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Matt Bai is a political reporter and staff writer for the New York Times Magazine, Bai graduated from Tufts in 1990 and received a Masters from the Columbia School of[…]

Netroots has changed political conversations.

Matt Bai: Well the whole . . . I mean it’s . . . the Net Roots . . . The influence of the Net Roots is pretty profound. I mean right now, congressmen and senators who used to get their press clips news in the morning, they’re getting . . . they’re getting blog clippings in the morning and they’re reading through them all. Which is a little frightening when you think about it because it’s like 12 people posting on these blogs and, you know . . . and half of them don’t know a thing about politics, but you know they’re listening. And that’s a good thing, by the way. They should be listening. It should be more of a conversation. It should not be about politicians always telling people the way things ought to be. But so it’s . . . You know but it does have a great change on the culture of Democratic politics. When you put it together – when you take the bloggers, and the Move On crowd online, and some of the money guys who are getting involved – when you put all these groups together, what you see is a really changed conversation in Democratic politics. I mean just look at the top people in the Democratic field right now. Where John Edwards was in 2004 versus where he is today, having gone from sort of a centrist, cautious Democrat to an anti-corporate crusader in the William Jennings Bryan mold. And you know look at Hillary Clinton and where she was on the war and on trade. And look at how she . . . what she’s talked about in this campaign; how she’s tried to position herself as standing up to Republican autocracy and whatever else. And then you know you look at a guy like Obama who was nowhere a few years ago and didn’t even exist in the public mind in 2004, and that he could be, you know, such a viable candidate now. And you look at the way he’s tried to navigate between what he really believes I think, which is that both parties have failed America and that there needs to be a generational shift. And how he’s tried to navigate that in an environment where people don’t want to hear that both parties are a mess. People just wanna hear that one party is a mess. And it’s really kind of put him in a box. So I think if you look at the dynamic of this presidential race to this point, you’d have to conclude that the progressive forces inside the Democratic party have had a very strong influence on the conversation.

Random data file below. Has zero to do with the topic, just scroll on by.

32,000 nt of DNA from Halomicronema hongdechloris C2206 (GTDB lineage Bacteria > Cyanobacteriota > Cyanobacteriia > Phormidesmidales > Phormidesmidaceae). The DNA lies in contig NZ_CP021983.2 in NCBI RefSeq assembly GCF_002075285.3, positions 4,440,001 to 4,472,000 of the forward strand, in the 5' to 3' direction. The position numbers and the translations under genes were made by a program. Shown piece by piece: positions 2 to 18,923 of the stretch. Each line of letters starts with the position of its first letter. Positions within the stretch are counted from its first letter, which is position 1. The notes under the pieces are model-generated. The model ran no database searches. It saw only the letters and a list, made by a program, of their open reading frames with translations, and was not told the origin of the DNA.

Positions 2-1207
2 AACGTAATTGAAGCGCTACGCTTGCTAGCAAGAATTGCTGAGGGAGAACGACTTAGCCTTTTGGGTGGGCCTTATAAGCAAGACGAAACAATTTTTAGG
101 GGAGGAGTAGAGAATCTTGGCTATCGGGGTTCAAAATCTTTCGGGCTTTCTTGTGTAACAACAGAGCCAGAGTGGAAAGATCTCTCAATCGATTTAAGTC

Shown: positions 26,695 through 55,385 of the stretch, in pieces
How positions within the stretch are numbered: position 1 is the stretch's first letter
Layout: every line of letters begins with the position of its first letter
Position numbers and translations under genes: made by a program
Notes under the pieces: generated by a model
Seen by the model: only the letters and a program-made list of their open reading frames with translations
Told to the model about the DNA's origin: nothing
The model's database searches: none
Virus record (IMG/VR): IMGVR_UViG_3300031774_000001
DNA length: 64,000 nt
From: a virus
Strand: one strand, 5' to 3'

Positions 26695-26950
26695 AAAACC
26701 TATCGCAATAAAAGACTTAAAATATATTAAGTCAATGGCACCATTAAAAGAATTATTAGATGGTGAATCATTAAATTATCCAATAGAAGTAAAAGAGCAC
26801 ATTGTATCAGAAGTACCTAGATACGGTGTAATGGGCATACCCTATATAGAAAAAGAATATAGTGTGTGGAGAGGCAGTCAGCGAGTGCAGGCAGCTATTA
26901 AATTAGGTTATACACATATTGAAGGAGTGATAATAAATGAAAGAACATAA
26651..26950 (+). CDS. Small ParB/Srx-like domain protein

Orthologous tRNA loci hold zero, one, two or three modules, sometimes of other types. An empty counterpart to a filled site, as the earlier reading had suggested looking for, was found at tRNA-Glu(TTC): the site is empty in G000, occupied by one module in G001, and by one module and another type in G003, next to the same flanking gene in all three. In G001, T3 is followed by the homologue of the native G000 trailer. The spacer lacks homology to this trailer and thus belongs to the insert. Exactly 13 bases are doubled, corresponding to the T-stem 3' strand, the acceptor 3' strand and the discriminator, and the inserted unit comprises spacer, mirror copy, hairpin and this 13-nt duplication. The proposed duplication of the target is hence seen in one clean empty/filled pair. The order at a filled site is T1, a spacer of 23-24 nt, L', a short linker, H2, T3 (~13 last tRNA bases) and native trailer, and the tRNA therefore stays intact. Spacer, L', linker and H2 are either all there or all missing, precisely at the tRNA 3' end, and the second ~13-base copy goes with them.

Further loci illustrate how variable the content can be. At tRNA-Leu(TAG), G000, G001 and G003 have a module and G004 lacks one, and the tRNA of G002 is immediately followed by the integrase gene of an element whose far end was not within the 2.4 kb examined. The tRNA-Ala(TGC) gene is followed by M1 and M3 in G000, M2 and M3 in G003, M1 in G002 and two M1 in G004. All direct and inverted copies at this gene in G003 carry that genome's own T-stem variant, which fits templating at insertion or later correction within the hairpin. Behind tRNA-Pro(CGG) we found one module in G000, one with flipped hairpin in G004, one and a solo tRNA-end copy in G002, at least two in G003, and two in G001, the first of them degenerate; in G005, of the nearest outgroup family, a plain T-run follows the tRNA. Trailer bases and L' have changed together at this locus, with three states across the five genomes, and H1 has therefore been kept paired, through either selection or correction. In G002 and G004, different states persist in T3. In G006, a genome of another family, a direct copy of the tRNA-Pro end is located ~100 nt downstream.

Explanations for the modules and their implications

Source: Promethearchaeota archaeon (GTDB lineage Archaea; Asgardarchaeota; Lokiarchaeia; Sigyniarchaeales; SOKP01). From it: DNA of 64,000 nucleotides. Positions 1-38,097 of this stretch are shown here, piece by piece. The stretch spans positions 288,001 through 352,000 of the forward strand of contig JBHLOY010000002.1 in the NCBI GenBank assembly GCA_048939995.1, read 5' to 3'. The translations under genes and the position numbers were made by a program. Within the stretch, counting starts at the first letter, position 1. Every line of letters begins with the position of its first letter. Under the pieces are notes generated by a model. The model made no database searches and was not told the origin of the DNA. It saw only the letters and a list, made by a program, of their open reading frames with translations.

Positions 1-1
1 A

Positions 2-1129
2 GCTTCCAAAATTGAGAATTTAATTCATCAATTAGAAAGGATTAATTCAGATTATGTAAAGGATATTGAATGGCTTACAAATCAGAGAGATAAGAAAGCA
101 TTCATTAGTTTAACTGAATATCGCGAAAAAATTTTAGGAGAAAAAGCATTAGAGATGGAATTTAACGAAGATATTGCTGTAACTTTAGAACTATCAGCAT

Recorded on: 12/13/07


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